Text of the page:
“The latest data shows there are 150,755 migrant families and single individuals currently being monitored by U.S. Immigration and Customs Enforcement under the Alternatives to Detention (ATD) program, according to Transactional Records Access Clearinghouse (TRAC) of Syracuse University,” the report said. TRAC researcher Austin Kocher told Border Report that it’s the highest number recorded in more than 15 years.
“Alternatives to Detention is often considered preferable for immigrants, because being held in detention creates barriers to procedural justice, such as making it more difficult to obtain legal counsel,” he said in the report. “ATD is also cheaper for the government than detention.”
2019 data from the Women’s Refugee Commission said that it costs the federal government roughly $38 a day to monitor a family enrolled in an alternative to detention program. For comparison, adult detention space costs roughly $139 a day. Family detention is nearly $800 a day.
“From the government’s perspective, FCMP is far cheaper than either detention in an adult facility or in one of ICE’s family detention facilities, while having nearly perfect compliance rates with immigration requirements,” the Women’s Refugee Commission echoed. But while this program does keep asylum-seeking parents and children out of harmful family jails, Kocher notes this doesn’t mean it is perfect.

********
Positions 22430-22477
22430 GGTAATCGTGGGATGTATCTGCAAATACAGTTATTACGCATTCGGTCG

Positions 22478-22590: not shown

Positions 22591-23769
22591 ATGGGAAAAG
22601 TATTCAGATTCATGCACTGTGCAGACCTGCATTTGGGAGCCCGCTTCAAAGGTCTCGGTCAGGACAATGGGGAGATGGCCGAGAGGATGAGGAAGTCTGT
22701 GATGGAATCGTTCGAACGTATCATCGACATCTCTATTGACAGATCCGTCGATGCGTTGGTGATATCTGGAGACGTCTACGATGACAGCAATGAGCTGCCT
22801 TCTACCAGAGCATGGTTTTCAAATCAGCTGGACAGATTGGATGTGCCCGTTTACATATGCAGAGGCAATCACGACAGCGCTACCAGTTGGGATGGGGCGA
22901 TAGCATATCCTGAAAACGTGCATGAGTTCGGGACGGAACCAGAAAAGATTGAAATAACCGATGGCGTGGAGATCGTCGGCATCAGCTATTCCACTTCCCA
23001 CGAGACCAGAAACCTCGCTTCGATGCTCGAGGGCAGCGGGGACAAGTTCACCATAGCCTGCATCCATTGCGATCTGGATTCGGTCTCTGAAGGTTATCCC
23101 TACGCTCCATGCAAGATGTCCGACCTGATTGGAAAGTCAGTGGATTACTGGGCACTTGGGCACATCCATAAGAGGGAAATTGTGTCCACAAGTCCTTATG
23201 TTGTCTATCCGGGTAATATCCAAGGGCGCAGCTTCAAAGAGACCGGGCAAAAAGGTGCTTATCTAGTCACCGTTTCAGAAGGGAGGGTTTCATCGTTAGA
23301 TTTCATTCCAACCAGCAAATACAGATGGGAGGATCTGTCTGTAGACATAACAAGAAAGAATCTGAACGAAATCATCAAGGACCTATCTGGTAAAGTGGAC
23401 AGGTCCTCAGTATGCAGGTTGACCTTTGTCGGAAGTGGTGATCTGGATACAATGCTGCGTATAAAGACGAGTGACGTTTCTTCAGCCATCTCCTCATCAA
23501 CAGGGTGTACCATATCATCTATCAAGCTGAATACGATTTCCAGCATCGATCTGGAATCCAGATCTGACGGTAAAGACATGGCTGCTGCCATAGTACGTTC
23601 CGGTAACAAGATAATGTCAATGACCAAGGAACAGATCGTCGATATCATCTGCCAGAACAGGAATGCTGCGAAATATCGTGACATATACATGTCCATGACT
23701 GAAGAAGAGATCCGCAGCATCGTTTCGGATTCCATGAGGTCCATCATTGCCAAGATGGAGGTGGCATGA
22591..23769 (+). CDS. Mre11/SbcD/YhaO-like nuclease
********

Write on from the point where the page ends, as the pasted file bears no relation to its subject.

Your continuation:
“However, immigration attorneys and advocates have also described negative consequences to clients on ATD, such as leading to frequent and disruptive virtual check-ins and feeling constantly watched by the government, which can be traumatic for people fleeing government persecution,” he told Border Report.
Some families in the alternatives to detention may be forced to wear an ankle monitoring device, which for some enrollees may be physically painful, deeply shameful, and embarrassing. “Although ICE considers these latter programs to be forms of release, numerous experts and researchers agree that ankle monitors, in particular, could or should actually be seen as a form of—not an alternative to—custody,” Women’s Refugee Commission said. The group notes that the UN Refugee Agency “strongly discourages” the use of ankle monitors.
Getting more immigrants out of harmful detention facilities is the right path to take. Now we need to ensure that humane alternatives to detention are truly alternatives to detention, and truly humane.